Polls on Health Care Reform – Why we can't give voters what they want

Byron York has a great piece up in the Washington Examiner on yesterday’s health care summit, in which he tries to account for the seeming contradiction between polls about individual aspects of health insurance legislation compared to polls about the whole wad now stumbling through congress. He writes:

Just look at the latest survey from CNN and Opinion Research. When asked if they support “preventing health insurance companies from dropping coverage for people who become seriously ill,” 62 percent say yes. When asked whether they support “requiring all large and midsized businesses to provide health insurance for their employees,” 72 percent say yes. And when asked if they support “preventing health insurance companies from denying coverage to people with pre-existing conditions,” 58 percent say yes.

On the other hand, asked what Congress should do on health care — pass the current bill, start work on an entirely new bill, or stop working on the issue altogether — a huge majority opposes the Democratic proposal now on the table. Just 25 percent of those surveyed want to see the bill passed. Forty-eight percent want Congress to start over, and 25 percent want lawmakers to stop working on health care altogether. Put those last two together, and an overwhelming majority of 73 percent do not want Congress to pass the current bill.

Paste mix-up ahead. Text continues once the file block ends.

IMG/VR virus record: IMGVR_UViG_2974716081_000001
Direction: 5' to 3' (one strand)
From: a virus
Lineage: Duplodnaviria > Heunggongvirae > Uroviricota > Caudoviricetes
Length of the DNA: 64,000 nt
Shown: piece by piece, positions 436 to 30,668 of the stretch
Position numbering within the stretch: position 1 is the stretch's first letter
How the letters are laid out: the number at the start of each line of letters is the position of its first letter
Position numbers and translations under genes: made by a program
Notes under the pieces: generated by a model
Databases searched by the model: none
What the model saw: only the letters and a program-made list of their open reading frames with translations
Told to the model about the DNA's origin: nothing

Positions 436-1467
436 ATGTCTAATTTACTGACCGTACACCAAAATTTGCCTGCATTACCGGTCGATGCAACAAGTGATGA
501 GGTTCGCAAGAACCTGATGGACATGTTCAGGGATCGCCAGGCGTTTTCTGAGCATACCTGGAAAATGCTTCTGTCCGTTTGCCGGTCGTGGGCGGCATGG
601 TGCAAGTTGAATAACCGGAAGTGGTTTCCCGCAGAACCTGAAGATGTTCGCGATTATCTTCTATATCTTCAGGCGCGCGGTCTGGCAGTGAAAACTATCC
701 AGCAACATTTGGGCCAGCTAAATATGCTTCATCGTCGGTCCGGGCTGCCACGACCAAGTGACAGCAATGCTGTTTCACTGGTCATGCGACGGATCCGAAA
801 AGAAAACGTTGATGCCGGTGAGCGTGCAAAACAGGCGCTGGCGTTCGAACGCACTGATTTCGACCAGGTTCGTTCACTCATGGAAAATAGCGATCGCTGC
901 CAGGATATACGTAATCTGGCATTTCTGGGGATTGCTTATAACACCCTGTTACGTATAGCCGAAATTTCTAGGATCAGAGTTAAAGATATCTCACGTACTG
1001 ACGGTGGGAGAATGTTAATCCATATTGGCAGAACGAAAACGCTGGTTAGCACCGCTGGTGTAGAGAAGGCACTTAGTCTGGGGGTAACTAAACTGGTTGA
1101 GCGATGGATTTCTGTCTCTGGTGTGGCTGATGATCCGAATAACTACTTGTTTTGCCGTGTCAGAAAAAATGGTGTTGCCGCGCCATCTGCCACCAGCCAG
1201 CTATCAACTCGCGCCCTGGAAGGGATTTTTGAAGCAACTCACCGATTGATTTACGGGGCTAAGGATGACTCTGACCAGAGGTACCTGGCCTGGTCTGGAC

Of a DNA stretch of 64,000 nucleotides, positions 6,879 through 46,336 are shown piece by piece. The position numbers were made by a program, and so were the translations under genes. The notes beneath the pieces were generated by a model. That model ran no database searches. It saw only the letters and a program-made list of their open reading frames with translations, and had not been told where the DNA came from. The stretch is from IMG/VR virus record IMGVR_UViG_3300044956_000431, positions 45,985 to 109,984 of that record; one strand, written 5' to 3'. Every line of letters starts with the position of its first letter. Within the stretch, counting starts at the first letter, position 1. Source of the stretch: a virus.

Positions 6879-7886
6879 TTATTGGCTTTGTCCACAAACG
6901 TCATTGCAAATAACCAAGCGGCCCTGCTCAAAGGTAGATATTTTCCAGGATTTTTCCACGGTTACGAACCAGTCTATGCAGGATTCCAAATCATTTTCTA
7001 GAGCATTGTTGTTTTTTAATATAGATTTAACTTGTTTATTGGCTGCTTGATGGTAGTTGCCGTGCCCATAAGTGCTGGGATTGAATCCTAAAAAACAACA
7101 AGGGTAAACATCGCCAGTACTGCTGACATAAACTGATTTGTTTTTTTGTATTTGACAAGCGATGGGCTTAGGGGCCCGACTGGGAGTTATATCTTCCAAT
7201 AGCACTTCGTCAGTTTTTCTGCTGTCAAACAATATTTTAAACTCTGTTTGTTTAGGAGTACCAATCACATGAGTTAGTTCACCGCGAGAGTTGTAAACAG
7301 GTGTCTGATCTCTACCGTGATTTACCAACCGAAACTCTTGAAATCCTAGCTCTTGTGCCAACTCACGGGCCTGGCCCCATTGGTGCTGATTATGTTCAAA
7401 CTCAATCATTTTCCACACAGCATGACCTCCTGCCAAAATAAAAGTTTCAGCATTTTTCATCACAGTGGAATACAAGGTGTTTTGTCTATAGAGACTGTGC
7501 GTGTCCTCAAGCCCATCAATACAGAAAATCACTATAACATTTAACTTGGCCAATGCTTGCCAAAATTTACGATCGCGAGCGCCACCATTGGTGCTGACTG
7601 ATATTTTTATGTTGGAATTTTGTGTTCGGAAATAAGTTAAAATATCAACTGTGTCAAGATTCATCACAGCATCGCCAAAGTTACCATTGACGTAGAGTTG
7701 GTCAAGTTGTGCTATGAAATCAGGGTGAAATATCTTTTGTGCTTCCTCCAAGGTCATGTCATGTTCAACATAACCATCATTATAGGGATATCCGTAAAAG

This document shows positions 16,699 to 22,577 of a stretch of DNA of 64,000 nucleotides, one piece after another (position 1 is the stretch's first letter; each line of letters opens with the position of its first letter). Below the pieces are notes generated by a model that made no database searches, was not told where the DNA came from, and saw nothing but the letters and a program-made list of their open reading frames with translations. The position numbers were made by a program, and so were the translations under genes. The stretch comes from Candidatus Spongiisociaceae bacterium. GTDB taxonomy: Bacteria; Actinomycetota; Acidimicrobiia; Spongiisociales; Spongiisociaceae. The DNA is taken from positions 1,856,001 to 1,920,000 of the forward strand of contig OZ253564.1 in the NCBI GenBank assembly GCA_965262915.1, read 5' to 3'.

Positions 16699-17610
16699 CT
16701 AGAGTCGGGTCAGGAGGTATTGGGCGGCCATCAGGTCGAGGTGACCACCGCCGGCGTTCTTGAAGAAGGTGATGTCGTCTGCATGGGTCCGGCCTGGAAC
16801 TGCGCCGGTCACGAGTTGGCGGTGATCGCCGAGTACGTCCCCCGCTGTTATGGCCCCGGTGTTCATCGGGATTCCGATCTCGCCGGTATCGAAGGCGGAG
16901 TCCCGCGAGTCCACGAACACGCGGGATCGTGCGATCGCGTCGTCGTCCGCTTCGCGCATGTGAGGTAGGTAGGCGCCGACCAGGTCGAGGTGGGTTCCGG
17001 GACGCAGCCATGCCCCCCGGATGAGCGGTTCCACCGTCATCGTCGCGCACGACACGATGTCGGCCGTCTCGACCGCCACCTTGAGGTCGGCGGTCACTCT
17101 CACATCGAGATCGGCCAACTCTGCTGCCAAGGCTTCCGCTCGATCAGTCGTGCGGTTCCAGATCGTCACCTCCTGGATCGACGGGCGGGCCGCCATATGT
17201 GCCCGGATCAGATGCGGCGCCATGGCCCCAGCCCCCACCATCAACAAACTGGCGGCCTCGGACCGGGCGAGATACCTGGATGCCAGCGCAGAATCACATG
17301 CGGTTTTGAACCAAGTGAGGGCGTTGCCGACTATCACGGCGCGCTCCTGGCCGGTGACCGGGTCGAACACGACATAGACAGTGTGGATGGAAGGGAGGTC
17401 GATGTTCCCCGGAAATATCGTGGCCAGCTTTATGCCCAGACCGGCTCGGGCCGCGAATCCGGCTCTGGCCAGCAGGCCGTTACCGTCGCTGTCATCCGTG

(my bolding above)

He attributes the failure of the whole bill to its size.

Few Democrats can accept the possibility that voters are telling them their whole approach is wrong. Big, comprehensive legislative proposals just make people nervous.

I have a simpler explanation: People want things until they find out how much it costs. Everyone wants better health insurance, but no one wants to pay more for it. I want a new car. I don’t particularly want to pay for it. It is the same with health insurance. When you total up the cost of all these things people say they want, it’s a lot of money. Instead of the questions polling firms now ask, they might as well ask who wants a bucket of money handed out to them every week, no strings attached, no need to pay it back. I bet they could poll higher than 72% on that question. So what?

I am serious... and don't call me Shirley.
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